their pre-coaching self-efficacy scores received coaching. Table 2 summarizes
characteristics of the parents. Their children were between the ages of four
and eight years, had a diagnosis of autism, and were clients of the
participating agency. These children exhibited low rates of mands (less than 10
times per hour in parent-child interactive situations). They did not exhibit
aggression towards others and/or self-injurious behaviors (Raj and Salagame, in
Characteristics of the 12 Coaches Who Participated
in the Study
of a college diploma in early childhood education or applied behavioral
spent in providing therapy
Average duration of employment with the agency
A Coach Feedback Form was developed by the
authors to measure coaches’ perception of the capacity of the two models of
parent coaching to equip them to influence mastery experiences of parents. In
developing this form, the authors had discussions with a number of coaches at the
participating agency to identify what they hoped to provide parents with,
through coaching. Common themes that emerged included (a) enhance parent confidence;
(b) create opportunities for productive parent-child interactions; (c) reduce
parents’ reliance on trained therapists; (d) help parents generalize skills
across different environments; (e) have standards of performance for parents to
work towards; and (e) keep parents motivated throughout the duration of the
coaching period. In essence, what the coaches hoped for was to facilitate
mastery experiences of the parents. The Feedback Form was developed based on
the input from the coaches. The form has 22 statements. Coaches compared the
existing and the sensitized models on each of the 22 statements. They used a
6-point scale with response options ranging from strongly agree to strongly
disagree. Coaches’ ratings were added up, resulting in separate scores for the
sensitized and existing model. Based on the scores of 15 coaches, the
Cronbach’s alpha coefficient for this Form as it measures existing parent-coaching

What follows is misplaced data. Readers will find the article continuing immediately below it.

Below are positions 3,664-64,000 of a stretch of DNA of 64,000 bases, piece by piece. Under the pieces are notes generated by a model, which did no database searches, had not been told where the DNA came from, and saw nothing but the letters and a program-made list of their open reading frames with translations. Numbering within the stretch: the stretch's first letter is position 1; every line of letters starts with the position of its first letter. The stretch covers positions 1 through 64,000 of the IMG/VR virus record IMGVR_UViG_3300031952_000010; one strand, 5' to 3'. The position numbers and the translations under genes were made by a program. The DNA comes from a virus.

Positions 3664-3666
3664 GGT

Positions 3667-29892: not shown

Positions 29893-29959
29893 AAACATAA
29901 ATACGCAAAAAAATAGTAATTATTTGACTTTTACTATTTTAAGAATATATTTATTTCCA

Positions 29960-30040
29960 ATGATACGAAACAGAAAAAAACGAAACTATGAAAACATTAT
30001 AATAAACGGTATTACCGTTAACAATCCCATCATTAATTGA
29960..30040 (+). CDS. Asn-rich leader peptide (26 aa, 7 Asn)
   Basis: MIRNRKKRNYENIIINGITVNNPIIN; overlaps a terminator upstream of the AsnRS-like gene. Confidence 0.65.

model is .96. Cronbach’s alpha coefficient for this Form with-reference-to the
sensitized parent-coaching model is .79.
Parents in group 1 and group 2 were
matched on two measures of self-efficacy (a) The self-efficacy subscale of The
Parenting Sense of Competence Scale (Mash and Johnston, 1983) and (b) The Task-Specific
Self-Efficacy scale (Raj and Salagame, in press). The Parenting Sense of Competence Scale (PSOC)
is in the public domain. Cronbach’s alpha coefficient for the self-efficacy
sub-scale is .76 (Johnston and Mash, 1989). The same for the Task-Specific
Self-Efficacy Scale is .89 (Raj and Salagame, in press). The PSOC scale was
used as a measure of domain-general self-efficacy of the participating parents and
the Task-Specific Self-Efficacy scale was used as a measure of their sense of
competence on facilitating mands for their children.
Client Services Management Committee at
the participating agency gave permission to conduct this study. Coaches who
were employees of the agency were given information on the study, in
face-to-face meetings with the first author. All coaches were supervised by
their Senior Therapists (STs) and had received training on the existing parent
coach model as part of their job. The same coaches received training on the
sensitized model from the author, along with their STs, before implementing
coaching for parents in group 2. The coaches were provided with the Feedback
Form by the author once they concluded implementation of coaching with both the
models. The coaches returned the completed Feedback Forms to the author in
sealed envelopes, personally.
Parents who participated in the study were
clients of the agency. Parent coaching is routinely offered to all parents of
children in the autism program, at the participating agency, as part of the
service delivery model. On behalf of the first author, Senior Therapists
approached parents who had been identified to receive coaching on facilitating
mands for their children, with information on the study. All parent participants
gave informed consent. Parents were randomly assigned to group 1 and group 2. They
reported on the two self-efficacy measures, before receiving the coaching
interventions. These questionnaires were delivered to the parents by the STs
working with the families. Completed questionnaires were collected in sealed
envelopes by the STs and delivered to the first author.
The following provisions were in place to
counter extraneous factors which could have potentially acted as confounds on
the dependent variables (a) coaches received training on the sensitized model
of coaching only after they finished implementing coaching with group; (b) both
models of coaching were identified as parent coaching to limit any implications